A after all this time on the back burner, there’s a push to get a bypass for Sudbury and improve our railway link to London.
A group of Tory town and district councillors have launched a campaign to keep the town moving with the promise of exploring funding options available.
A bypass has been on a list of improvements for our town for years and years – along with the Chilton Woods development and the redevelopment of the Hamilton Road area.
I’m sure there are plenty of people in favour of a bypass and rail improvements, not least because they will bring more people and businesses into the area, create more jobs, boost house prices and give us a big economic uplift.
Of course, we need a town that thrives. But, I don’t know about you, I wonder how it will change the face of Sudbury.
Perhaps I’m being too protective, but do we really want to become a commuter town?
This happened in Colchester, where we lived when our children were small. Having lived in this area for a decade, I often reflect on how Colchester changed as a result of more homes and expansion.
A few years ago, it was the fastest growing town in Europe, with new housing estates built for commuters and, as a result, a desperate shortage of schools.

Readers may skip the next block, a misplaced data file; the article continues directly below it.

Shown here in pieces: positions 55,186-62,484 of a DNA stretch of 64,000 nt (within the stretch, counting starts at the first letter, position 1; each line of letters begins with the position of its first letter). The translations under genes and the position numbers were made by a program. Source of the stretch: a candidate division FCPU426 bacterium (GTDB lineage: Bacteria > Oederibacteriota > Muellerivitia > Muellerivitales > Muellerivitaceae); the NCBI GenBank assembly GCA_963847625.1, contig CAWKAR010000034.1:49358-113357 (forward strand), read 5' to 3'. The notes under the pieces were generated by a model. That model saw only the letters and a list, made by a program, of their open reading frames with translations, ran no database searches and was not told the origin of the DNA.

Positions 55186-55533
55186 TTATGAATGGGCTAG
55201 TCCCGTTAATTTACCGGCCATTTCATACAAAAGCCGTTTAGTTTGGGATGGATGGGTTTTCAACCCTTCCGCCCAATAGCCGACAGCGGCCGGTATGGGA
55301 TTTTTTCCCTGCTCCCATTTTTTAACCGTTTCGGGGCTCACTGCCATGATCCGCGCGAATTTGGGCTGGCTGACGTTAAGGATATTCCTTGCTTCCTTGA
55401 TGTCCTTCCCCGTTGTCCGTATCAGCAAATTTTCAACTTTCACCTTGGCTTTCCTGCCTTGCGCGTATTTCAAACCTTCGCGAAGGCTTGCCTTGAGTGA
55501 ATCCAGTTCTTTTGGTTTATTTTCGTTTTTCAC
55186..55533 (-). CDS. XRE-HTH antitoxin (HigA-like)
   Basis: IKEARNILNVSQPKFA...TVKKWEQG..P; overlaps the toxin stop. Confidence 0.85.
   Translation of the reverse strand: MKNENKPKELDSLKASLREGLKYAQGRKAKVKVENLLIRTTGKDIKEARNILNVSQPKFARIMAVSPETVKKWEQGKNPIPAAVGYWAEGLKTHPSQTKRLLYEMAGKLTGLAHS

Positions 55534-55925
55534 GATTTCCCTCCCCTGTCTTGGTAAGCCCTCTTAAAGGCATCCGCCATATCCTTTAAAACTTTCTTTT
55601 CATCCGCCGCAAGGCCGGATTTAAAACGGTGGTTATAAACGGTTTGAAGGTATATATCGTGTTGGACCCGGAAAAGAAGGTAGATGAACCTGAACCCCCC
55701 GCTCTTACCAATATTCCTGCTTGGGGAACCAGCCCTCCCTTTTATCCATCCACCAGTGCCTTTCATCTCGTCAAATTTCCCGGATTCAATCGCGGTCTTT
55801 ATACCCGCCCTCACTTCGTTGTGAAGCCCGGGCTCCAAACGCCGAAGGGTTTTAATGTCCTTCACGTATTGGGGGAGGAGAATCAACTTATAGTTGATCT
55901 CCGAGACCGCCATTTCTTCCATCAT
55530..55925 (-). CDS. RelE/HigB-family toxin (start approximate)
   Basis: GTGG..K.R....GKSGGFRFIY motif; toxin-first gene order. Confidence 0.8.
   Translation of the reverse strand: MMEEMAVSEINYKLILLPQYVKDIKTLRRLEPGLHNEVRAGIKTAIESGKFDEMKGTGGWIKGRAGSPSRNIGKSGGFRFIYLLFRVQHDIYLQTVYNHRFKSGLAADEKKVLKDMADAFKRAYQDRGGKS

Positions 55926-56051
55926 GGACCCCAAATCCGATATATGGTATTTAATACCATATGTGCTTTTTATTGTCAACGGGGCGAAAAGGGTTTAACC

I don’t venture to Colchester these days for fear of a traffic jam – and the frustration of having to spend the astronomical sum of £7.50 to park the car for an hour. Give me Sudbury any day.
So, while a bypass will help keep HGVs away from the town, and a faster and direct rail journey will improve commuting for those who do, these developments will inevitably change the face of our market town – and maybe not all for the better.
I have used this column in the past to moan about customer service, so I think it’s probably about time I presented a bouquet rather than a brickbat.
It all started when the car park ticket machine swallowed my £2 at the car park opposite Sudbury’s Kingfisher Leisure Centre without issuing a ticket.
Annoying – but I took down the council’s customer service number and rang it the following day to be put through to a charming man in charge of car park technology at Babergh District Council.
He was able to confirm that, indeed, something strange had happened at the time I stated, and yes, his computer log clearly showed there had been a blip in the smooth-running of that machine. He would be able to authorise a refund. Great.
But this is where customer service took a more personal turn – he checked where I lived and offered to drop the £2 off to my home which he said he would be passing in a couple of weeks’ time.
Wow – I couldn’t have been more impressed. What a result. Well, actually no.
So far, he has failed to materialise, and my £2 is still outstanding. Maybe he’s forgotten.
Still, at least I got through to customer service and wasn’t put on hold, forced to listen to an endless loop of Vivaldi’s Four Seasons while fighting off the onset of cramp in my hand.